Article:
Melons are big, heavy fruits. They are also fragile. Their growth is influenced by variable, hard-to-predict weather factors and farmers depend on retailers selling their product before it goes bad.

That’s why one Nova Scotia melon grower has turned to the Acadia Institute for Data Analytics (AIDA) at Wolfville’s Acadia University to help him optimize his yield of cantaloupes.

AIDA got started in January under Director Danny Silver, as part of the Acadia Entrepreneurship Centre’s Incubation and Innovation Services unit -- a group that works hard to promote entrepreneurship in rural communities.

The melon farmer approached Silver after attending AIDA’s inaugural event in March.

Speakers at the event, titled Data Analytics for the Wine and Fruit Growing Industries, discussed how to use data to combat issues such as climate change’s impact on Ontario’s wine industry and plant cancer on Nova Scotia grapes.

“Data analytics is good business,” explained Silver as he sat in the airy, newly renovated attic of Acadia’s Patterson Hall. “It allows you to put up your periscope and look ahead.”

The fledgling institute will work with many academic and industry partners and is already partnering with Scotia Weather Services; a private meteorological company that provides micro forecasting down to 15 minute intervals and four square kilometres.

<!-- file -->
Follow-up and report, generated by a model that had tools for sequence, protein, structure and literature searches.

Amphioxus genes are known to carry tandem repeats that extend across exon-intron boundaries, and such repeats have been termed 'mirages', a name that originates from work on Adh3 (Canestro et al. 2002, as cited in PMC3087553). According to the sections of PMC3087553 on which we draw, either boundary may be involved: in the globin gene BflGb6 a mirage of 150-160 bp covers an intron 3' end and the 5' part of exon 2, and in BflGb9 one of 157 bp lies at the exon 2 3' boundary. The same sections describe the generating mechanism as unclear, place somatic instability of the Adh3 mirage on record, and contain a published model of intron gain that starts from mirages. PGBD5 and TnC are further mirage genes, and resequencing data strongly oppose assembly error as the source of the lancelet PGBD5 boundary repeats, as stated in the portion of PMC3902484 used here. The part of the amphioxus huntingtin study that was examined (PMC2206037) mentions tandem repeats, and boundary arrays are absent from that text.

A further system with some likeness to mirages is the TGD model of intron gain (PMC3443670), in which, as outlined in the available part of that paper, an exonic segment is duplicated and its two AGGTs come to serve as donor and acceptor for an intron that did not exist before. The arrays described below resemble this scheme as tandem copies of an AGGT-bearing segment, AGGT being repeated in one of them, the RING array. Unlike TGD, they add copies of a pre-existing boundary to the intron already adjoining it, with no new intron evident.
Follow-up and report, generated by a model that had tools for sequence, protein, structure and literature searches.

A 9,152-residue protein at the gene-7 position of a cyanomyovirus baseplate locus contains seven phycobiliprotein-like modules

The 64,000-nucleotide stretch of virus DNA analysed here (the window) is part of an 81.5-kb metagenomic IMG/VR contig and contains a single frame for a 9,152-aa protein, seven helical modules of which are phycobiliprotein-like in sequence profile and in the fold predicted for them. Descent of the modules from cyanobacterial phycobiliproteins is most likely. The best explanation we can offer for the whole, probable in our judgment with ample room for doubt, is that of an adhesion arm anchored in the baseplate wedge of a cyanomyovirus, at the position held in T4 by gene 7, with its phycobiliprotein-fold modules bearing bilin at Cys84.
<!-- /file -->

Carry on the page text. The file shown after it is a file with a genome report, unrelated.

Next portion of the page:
Such detailed forecasting is very valuable to the melon grower, who last year missed the market after changing weather meant he only harvested 50 per cent of his crop.

“We have to be specific to create prediction models for precision agriculture, which is the combination of data analytics with agriculture,” said Silver, who grew up in the Annapolis Valley, working in the fields as a youngster.

Other techniques that can improve crop analysis include placing cameras in fields to record activities such as spraying, and using drones to reveal where in a field a crop might be failing.

Silver said he is pleased that after less than a year of operation, AIDA already has five active projects and seven potential.

AIDA’s objectives include stimulating technology transfer, commercialization and the development of new startups, and Silver said, “It would be great” to see analytic companies working in this space.

Silver is also a professor at Acadia’s Jodrey School of Computer Science and he is working with the computer science and math departments on establishing a certificate in data analytics.

In the fall, several big events will be held to make sure the academic and agricultural communities understand AIDA and the business potential of data analytics.

“We’ll be offering a data analysis 101 primer for people on campus and then we’ll take it to the public, to those in industry who want to learn about it, such as agriculturalists, environmentalists and conservationists,” said Silver.

“The population is growing, we have less land available and we need to grow more on smaller parcels of land,” he added. “We need to do this kind of data analytics across the planet or we’re not going to feed us all.”



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